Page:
Slowly, but surely we are rebuilding our farm. New starts, sometimes, require new starts and such was the case with us. So much in two years, but all necessary; difficult but necessary. At least we have our hens back and they’ve started laying.
Every morning I turn into our dirt driveway and look forward to opening the hen house and watching the girls (and Bentsen the rooster) pour out. There are always a few girls in the boxes.
At the end of the day I go out to collect the eggs. This is the ritual. The day begins, by the way, with scrambled eggs and often at dinner we do a southern favorite: deviled eggs. Of course, we always have a supply of hard boiled eggs.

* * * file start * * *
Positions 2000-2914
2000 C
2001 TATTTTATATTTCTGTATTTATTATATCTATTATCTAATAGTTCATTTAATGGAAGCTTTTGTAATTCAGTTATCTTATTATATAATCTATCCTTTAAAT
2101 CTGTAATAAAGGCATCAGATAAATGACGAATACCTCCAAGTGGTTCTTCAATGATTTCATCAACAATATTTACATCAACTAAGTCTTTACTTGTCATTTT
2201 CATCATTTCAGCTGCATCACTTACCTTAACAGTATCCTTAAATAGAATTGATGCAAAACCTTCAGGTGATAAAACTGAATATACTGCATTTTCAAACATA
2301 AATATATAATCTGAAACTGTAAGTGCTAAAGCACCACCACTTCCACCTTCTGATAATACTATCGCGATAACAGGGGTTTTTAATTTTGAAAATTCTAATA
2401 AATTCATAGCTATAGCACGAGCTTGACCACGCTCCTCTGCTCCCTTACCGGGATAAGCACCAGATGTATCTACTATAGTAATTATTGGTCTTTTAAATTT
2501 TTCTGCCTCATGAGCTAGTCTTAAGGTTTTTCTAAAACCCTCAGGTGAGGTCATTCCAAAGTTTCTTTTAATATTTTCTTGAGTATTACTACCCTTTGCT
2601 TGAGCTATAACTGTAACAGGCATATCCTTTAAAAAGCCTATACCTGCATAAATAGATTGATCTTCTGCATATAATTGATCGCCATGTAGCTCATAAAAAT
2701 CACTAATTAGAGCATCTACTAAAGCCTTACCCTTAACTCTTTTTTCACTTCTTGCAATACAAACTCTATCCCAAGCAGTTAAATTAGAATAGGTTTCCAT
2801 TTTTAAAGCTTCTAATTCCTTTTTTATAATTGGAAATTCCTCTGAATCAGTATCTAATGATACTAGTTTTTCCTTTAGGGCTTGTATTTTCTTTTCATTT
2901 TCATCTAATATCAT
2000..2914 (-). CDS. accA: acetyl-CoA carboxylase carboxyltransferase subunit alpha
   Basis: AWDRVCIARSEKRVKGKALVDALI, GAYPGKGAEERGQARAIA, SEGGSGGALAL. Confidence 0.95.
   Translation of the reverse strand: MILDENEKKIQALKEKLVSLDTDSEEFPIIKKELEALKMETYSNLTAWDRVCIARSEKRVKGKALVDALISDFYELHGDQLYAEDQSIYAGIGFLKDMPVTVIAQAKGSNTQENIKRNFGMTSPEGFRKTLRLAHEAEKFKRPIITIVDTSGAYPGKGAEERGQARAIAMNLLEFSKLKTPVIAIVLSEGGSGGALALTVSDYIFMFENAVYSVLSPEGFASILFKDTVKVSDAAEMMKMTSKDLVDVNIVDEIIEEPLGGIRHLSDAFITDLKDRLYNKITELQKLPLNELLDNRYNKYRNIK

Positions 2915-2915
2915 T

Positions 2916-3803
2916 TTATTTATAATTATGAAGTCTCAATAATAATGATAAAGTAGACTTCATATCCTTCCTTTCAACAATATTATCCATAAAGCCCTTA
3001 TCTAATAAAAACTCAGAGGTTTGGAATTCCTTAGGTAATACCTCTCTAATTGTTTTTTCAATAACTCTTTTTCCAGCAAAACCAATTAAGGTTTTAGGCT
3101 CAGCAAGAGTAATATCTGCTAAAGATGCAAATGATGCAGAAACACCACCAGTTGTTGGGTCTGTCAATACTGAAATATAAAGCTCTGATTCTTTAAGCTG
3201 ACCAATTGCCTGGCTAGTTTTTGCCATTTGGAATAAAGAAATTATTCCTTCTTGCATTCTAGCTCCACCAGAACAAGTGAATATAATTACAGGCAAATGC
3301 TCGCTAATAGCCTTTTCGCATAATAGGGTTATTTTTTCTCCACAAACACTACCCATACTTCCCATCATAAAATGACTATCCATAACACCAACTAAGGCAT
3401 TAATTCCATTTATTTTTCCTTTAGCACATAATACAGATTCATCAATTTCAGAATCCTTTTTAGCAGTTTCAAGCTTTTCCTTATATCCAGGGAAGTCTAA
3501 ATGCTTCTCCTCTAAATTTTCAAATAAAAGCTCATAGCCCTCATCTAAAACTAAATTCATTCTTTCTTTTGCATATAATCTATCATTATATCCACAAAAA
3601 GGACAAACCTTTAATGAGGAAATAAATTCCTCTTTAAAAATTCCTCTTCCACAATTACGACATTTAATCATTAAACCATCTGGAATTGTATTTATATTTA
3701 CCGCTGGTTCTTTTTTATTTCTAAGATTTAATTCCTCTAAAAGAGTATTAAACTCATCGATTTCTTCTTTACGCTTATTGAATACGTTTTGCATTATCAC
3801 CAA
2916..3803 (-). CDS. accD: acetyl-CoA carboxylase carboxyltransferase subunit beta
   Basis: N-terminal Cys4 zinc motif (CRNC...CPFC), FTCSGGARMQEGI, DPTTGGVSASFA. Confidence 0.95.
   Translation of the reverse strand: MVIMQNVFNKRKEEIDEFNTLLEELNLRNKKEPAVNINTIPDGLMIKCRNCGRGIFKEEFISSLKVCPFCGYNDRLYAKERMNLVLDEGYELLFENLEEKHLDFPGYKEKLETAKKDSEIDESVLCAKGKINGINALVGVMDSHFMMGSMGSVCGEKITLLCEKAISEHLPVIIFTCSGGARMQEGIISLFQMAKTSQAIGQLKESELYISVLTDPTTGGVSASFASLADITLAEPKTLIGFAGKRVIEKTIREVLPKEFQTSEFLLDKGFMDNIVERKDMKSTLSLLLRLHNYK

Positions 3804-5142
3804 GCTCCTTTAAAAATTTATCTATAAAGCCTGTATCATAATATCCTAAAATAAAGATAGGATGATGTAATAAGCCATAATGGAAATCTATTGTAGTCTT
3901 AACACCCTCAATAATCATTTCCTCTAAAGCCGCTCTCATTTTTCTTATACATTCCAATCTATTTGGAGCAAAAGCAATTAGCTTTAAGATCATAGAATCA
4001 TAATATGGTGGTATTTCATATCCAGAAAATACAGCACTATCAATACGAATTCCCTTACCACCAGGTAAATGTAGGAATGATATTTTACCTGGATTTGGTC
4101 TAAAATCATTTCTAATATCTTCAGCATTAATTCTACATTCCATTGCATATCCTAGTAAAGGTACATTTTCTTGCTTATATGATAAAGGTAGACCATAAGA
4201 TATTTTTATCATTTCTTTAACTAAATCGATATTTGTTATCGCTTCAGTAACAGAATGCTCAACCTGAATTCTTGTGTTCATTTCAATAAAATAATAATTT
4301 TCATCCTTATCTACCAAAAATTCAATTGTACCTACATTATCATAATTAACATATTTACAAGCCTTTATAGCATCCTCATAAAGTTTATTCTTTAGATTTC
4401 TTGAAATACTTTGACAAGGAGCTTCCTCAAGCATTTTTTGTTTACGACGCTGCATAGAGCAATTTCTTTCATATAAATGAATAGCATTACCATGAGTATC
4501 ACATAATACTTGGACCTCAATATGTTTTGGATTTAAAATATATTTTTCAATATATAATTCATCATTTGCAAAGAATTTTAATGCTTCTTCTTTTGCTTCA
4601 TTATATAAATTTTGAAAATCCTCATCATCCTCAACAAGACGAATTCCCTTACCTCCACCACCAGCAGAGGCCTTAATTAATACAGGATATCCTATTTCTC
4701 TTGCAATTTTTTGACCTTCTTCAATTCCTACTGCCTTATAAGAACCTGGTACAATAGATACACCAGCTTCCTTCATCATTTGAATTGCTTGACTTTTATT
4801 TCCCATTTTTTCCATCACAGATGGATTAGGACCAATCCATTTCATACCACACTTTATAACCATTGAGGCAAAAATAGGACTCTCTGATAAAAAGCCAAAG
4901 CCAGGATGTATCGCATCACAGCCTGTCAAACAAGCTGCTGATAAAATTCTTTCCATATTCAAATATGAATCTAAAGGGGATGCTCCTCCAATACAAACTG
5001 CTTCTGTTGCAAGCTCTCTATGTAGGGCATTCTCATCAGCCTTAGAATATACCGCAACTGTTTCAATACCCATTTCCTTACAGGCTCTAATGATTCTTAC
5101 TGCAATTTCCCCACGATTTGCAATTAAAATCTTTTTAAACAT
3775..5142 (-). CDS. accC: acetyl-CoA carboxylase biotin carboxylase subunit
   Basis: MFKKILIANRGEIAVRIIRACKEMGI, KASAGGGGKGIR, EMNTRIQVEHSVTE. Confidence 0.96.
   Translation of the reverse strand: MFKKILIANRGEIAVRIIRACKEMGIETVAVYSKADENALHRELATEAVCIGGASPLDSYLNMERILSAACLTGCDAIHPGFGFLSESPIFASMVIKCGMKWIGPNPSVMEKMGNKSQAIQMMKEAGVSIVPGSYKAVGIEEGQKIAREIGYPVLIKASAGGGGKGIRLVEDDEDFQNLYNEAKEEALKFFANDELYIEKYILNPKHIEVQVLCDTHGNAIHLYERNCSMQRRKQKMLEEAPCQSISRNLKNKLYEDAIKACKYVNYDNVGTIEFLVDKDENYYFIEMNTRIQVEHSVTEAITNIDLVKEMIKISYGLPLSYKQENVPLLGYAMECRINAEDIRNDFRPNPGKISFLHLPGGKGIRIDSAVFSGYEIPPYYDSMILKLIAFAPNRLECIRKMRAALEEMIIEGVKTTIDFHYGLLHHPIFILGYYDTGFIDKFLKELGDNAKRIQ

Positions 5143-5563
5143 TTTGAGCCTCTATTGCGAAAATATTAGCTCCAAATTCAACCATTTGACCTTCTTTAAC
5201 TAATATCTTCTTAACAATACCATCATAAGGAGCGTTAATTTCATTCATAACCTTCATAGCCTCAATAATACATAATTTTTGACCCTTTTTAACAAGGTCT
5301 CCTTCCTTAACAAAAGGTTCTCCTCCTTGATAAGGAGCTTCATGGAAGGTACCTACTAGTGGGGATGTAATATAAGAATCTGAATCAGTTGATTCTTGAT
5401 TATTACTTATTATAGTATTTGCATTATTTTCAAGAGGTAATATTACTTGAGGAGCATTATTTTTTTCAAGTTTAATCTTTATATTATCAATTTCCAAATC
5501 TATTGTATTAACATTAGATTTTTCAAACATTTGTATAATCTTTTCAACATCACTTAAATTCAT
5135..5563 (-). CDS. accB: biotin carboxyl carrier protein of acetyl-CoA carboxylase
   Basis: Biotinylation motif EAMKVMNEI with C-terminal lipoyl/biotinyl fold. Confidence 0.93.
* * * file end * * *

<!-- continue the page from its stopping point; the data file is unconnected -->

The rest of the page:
The other morning I just couldn’t do eggs (I just couldn’t!); yogurt instead. And the girls kept laying as hens do. Happy hens picking around on the farm all day finding ticks, eating grass and taking dirt baths and laying eggs.
We have about five dozen eggs in the fridge as I write this; we eat eggs almost every morning and now my favorite childhood treat, deviled eggs, is starting to lose its luster. This is just not right! More eggs tomorrow.
And the hens keep laying; happily clucking away after they do. And the thought came to mind: this is why people began bartering. Not because they wanted a profit: because they got tired of eating eggs every day.
Don’t get me wrong: fresh eggs are a wonderful thing that sadly many people never experience (other lost experiences include fresh, self-slaughtered pork and chicken, and unpasteurized milk).
Eggs are wonderful, and hens are wonderful. There is a downside to happy hens: lots of eggs. In big cities these are premium: $5-7 a dozen, but out in the country people just grin at such prices.
“I’ll trade you some eggs for some of that homemade cheesecake?!”
Well, some things you just can’t turn down.